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White House Announces New Members to Opioid Commission

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Michael Petruzzelli

Manager, Policy and Advocacy, National Council for Behavioral Health

White House Announces New Members to Opioid Commission

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The White House has named four new members to President Trump’s commission on fighting opioid addiction. The commission, led by Jared Kushner and Governor Chris Christie (R-NJ), was created back in March to tackle and combat the nation’s ongoing opioid addiction and overdose crisis. The new members include two governors, a former congressman in recovery and an addiction researcher.

The new members include:

  • Charlie Baker, Republican Governor of Massachusetts
  • Roy Cooper, Democratic Governor of North Carolina
  • Patrick J Kennedy, former Congressman, and staunch mental health and addictions advocate
  • Bertha Madras, addictions researcher and former Deputy Director of the Office of National Drug Control Policy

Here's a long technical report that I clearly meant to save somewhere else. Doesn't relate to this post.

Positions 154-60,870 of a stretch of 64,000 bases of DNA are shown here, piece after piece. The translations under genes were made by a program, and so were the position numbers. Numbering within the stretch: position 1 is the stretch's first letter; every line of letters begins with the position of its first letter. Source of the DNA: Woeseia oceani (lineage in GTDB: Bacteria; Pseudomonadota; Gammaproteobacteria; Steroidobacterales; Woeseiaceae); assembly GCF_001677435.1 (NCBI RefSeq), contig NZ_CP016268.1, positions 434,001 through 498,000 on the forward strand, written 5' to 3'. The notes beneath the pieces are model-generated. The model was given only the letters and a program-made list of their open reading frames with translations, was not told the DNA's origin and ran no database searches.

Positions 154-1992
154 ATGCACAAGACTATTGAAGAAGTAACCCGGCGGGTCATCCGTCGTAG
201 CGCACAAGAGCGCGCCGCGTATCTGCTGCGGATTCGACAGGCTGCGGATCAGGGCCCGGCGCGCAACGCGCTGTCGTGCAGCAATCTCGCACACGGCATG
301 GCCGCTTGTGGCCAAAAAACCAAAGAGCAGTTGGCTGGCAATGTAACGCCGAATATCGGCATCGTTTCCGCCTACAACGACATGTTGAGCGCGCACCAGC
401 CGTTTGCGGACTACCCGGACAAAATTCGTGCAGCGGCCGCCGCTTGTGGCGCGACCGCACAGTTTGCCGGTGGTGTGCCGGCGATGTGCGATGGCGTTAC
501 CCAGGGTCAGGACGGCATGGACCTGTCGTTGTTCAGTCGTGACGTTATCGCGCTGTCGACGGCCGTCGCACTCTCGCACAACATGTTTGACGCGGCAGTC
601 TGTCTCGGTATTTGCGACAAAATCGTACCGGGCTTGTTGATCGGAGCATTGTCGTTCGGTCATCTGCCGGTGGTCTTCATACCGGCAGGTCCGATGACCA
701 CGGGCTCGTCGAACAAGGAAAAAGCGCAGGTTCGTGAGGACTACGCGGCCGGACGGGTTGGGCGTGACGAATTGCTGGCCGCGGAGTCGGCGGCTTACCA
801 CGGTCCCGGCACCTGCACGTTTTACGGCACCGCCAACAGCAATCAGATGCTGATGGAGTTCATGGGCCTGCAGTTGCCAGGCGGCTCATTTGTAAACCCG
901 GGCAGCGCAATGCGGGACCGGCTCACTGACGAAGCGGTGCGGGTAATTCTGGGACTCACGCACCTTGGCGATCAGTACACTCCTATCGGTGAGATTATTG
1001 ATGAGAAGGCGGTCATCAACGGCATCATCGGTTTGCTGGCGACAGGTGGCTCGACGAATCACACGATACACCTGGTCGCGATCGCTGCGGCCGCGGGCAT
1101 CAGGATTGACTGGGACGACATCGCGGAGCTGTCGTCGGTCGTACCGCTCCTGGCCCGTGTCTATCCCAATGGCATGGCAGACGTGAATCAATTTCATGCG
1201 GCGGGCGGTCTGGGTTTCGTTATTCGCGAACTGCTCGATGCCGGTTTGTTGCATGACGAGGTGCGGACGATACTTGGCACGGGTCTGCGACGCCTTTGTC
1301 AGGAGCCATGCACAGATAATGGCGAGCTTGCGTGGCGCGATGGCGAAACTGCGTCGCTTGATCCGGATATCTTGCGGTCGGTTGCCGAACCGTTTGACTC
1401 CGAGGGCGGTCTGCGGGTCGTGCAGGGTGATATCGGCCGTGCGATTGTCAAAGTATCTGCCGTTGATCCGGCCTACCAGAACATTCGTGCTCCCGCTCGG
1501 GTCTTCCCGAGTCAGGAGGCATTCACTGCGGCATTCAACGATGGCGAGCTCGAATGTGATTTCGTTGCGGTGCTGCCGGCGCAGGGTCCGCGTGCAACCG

These new members join the heads of four key agencies: Attorney General Jeff Sessions, Health and Human Services Secretary Tom Price, Veterans Affairs Secretary David Shulkin, Defense Secretary James Mattis and as many as five other members who aren’t federal employees on this task force.

The Commission’s participating members are instructed to:

  • Identify and describe existing Federal funding used to combat drug addiction and the opioid crisis;
  • Assess the availability and accessibility of drug addiction treatment services and overdose reversal throughout the country and identify areas that are underserved;
  • Identify and report on best practices for addiction prevention, including health care provider education and evaluation of prescription practices, and the use and effectiveness of State prescription drug monitoring programs (PDMPs);
  • Review the literature evaluating the effectiveness of educational messages for youth and adults with respect to prescription and illicit opioids; and
  • Identify and evaluate existing Federal programs to prevent and treat drug addiction for their scope and effectiveness, and make recommendations for improving these programs.

The commission is charged with making interim recommendations on improving the federal response to opioid addiction and will produce a final report come October. After the final report, executive agencies are expected to take administrative and regulatory action to implement the commission’s recommendations.

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